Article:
In the film, they explored funding issues that crisis centers across the country are faced with, which in my opinion, highlighted the need for crisis centers to use their data to make their case for funding. Specifically, it is important for crisis centers to make requests for financial contributions by using data to demonstrate their community’s return on investment in their crisis services. Simply put – a crisis center must use data to express their ability to save the community money by averting unnecessary Emergency Department admissions through their de-escalation techniques (SAMHSA, 2014). In my own experience, without the use of iCarol, it would have been nearly impossible to calculate the number of times crisis workers did and did not send at-risk callers to the emergency room. However, because the Crisis Intervention Center uses iCarol to document all calls, chats, and texts, reporting on this data each month was quick, easy, and accurate and provided community leaders with information regarding the cost-benefit of crisis services.

I definitely encourage those in the nonprofit helpline field to see “The Listeners” because it gives a very real, very raw look at the challenges and successes crisis workers and crisis centers of all kinds face on a daily basis. I’m truly grateful for crisis workers that take calls, chats, and texts from people in need of help. While their work may be anonymous and confidential, the results of their work is felt in the individuals, families, and communities that benefit every day from these vital services.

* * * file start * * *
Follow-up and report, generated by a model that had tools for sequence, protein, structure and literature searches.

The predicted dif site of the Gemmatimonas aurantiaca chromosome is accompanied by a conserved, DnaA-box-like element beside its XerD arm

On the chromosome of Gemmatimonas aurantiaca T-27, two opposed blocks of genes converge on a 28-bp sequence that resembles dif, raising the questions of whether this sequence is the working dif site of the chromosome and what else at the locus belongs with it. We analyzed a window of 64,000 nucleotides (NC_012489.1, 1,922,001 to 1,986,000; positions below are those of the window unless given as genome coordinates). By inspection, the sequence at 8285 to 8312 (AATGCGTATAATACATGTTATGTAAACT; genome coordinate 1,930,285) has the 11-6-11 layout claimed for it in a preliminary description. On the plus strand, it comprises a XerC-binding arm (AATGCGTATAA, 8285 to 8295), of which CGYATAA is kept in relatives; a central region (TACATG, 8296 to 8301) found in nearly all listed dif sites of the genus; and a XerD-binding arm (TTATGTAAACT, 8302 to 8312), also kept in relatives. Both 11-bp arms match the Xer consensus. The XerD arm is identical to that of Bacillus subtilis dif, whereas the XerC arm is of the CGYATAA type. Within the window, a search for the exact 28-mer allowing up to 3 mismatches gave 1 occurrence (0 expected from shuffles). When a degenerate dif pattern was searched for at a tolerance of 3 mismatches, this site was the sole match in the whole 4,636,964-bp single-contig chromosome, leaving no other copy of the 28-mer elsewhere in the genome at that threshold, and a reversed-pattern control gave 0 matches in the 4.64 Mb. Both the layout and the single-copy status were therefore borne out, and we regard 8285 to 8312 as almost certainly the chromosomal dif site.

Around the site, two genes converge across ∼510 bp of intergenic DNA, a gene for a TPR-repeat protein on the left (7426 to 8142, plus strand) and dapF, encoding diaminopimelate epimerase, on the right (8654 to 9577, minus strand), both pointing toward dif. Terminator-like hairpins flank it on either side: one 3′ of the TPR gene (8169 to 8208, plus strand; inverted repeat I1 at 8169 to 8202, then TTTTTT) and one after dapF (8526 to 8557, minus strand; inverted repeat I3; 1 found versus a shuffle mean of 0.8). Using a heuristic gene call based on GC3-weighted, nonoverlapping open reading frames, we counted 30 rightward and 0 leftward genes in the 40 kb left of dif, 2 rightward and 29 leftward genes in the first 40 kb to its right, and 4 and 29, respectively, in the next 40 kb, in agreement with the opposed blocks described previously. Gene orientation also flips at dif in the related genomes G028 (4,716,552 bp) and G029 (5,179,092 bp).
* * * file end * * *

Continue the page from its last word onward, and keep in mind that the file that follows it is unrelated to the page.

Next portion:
Wendy Bookman (CIC), Christa Knox (iCarol), & Rick Jackson (CIC)
The Listeners screening

Citation:
Substance Abuse and Mental Health Services Administration. Crisis Services: Effectiveness, Cost-effectiveness, and Funding Strategies. HHS Publication No. (SMA)-14-4848. Rockville, MD: Substance Abuse and Mental Health Services Administration, 2014.

More about The Listeners:
Watch the trailer
Host a screening (it’s easy!) in a theater or college campus or community center near you.

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A Call with President Obama on ACA Open Enrollment

White House Logo

We’ve been made aware of the following information that will likely be of interest to helplines across the US, and wanted to pass this information along to you:

You are invited to join a conference call on Thursday, October 27th at 4:30 PM ET with President Barack Obama and Department of Health and Human Services (HHS) Secretary Sylvia M. Burwell to discuss the upcoming open enrollment period for the Health Insurance Marketplaces under the Affordable Care Act. We encourage you to circulate this invitation to all of your members, volunteers, and partners who will engage in enrollment efforts during the open enrollment period from November 1st to January 31st.

    Call Details
    Date: Thursday, October 27th
    Time: 4:30 PM ET, please join 5-7 minutes early to avoid connection delays
    RSVP: To receive the dial-in information, click HERE. Once you RSVP, a dial-in, participant code, and individual pin will be provided via e-mail.
    This call is off the record and not for press purposes. We look forward to speaking with you on Thursday. Champion for Coverage | Champion@cms.hhs.gov | Centers for Medicare and Medicaid | 200 Independence Ave. SW | Washington, DC 20201

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Five Tips for Working With Callers or Chat Visitors Who Have an Intellectual/Developmental Disability

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Guest blogger Brenda Patterson is the Executive Director of CONTACT the Crisis Line in Jackson, Mississippi, and serves on the Board of Directors for CONTACT USA.

With all callers/chat visitors we practice active listening and unconditional acceptance. We try to use open ended questions when facilitating conversations and summarize the caller/chat visitor’s plan as we close the conversation. When talking to an individual with an intellectual/developmental disability there can be additional considerations. Let’s look at five: